It is a myth that geothermal heat pumps only work in heating mode. Geothermal systems can be used for both heating and cooling. In the heating mode, a geothermal heat pump uses the earth’s natural heat to warm a home. A series of underground pipes, called a ground loop, is buried near the home. A water-based solution is circulated through the pipes, absorbing the earth’s heat. The warm solution is then pumped back into the geothermal heat pump, where a compressor raises the temperature even higher. The heat is then transferred to the air in the home using a series of heat exchangers.
In the cooling mode, the process is reversed. The geothermal system absorbs heat from the air inside the home and transfers it to the cooler environment through the ground loop. This cools the air inside the home and warms the ground loop. Geothermal heat pumps can provide comfortable temperatures year-round while reducing energy consumption. Hire an air conditioning repair company today, and they will help you install a geothermal heat pump.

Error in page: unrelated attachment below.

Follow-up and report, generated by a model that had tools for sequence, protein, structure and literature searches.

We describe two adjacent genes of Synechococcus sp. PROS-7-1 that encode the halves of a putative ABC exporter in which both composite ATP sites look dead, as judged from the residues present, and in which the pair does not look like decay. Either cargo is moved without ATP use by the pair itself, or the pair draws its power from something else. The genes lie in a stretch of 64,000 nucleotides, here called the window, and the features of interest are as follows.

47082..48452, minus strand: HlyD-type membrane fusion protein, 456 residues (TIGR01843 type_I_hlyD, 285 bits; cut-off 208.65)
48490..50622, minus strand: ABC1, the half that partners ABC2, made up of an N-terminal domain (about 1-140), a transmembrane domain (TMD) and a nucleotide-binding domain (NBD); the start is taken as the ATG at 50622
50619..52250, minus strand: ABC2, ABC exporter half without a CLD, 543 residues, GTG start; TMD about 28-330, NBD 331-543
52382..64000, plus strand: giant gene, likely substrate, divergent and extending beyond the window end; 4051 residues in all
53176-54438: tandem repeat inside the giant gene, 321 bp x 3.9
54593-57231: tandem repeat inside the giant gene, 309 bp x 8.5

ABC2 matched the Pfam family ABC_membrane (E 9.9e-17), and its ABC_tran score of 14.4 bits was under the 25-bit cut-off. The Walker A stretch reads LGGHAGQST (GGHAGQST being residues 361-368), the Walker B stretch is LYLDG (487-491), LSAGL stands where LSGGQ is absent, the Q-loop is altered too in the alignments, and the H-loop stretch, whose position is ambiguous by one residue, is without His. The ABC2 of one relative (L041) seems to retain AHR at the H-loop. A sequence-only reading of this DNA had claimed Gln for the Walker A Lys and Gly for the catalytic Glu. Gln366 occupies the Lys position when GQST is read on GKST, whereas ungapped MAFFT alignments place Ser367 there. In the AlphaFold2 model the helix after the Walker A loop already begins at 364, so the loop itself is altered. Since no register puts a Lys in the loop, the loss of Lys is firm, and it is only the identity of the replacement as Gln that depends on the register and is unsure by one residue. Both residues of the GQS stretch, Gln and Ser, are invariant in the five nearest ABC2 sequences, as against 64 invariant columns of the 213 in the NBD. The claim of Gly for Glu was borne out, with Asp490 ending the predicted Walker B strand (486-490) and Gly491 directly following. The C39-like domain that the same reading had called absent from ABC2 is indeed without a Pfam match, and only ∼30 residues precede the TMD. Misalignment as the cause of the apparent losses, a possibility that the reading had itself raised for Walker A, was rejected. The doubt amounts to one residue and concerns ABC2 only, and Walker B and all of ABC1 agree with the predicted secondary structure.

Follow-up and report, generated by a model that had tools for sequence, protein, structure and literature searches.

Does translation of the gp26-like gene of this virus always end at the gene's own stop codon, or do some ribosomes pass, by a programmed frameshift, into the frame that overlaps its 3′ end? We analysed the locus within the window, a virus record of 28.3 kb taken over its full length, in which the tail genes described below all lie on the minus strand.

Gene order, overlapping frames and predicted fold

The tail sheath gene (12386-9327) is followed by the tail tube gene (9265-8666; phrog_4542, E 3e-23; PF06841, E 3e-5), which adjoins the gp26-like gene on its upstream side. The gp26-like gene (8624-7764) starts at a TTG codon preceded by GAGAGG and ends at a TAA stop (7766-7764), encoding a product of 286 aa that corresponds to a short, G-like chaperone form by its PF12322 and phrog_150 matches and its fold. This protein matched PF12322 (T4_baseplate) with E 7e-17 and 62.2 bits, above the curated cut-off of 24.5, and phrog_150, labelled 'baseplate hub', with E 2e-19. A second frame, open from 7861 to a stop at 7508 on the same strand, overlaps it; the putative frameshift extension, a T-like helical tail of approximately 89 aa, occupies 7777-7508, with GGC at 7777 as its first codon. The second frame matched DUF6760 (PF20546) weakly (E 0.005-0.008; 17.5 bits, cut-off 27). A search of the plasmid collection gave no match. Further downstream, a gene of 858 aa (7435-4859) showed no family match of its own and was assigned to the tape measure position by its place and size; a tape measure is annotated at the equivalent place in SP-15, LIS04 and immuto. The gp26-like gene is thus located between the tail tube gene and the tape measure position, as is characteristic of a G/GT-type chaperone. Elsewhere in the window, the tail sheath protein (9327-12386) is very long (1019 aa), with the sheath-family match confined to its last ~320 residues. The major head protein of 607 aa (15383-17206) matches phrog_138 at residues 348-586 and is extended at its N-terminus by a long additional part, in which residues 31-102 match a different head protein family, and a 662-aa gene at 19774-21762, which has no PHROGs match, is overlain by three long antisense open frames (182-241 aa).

The Installation Requires a Large Yard
Based on the features of the installation site, the underground ground loops can be buried either vertically or horizontally. Horizontal loops require more space than vertical loops because several trenches, with a depth of 6 to 10 feet each, have to be dug to give adequate space to install the loops.
Installing a vertical system doesn’t take much space, as it can easily fit in a hole with a depth of about 200 to 600 feet. Working with an experienced air conditioning repair expert is important to determine the best type of ground loops for your home. An air conditioning repair professional can help you assess your property’s space and soil conditions and design a system appropriate for your needs.
Geothermal Heat Pumps Require More Maintenance
Since geothermal heat pumps are all-in-one, they need much less maintenance than conventional heating and cooling systems. Geothermal heat pumps are buried several feet underground and never come into contact with the surface. This ensures the system is well protected from pests and elements that can make the unit need more servicing from an air conditioning repair professional.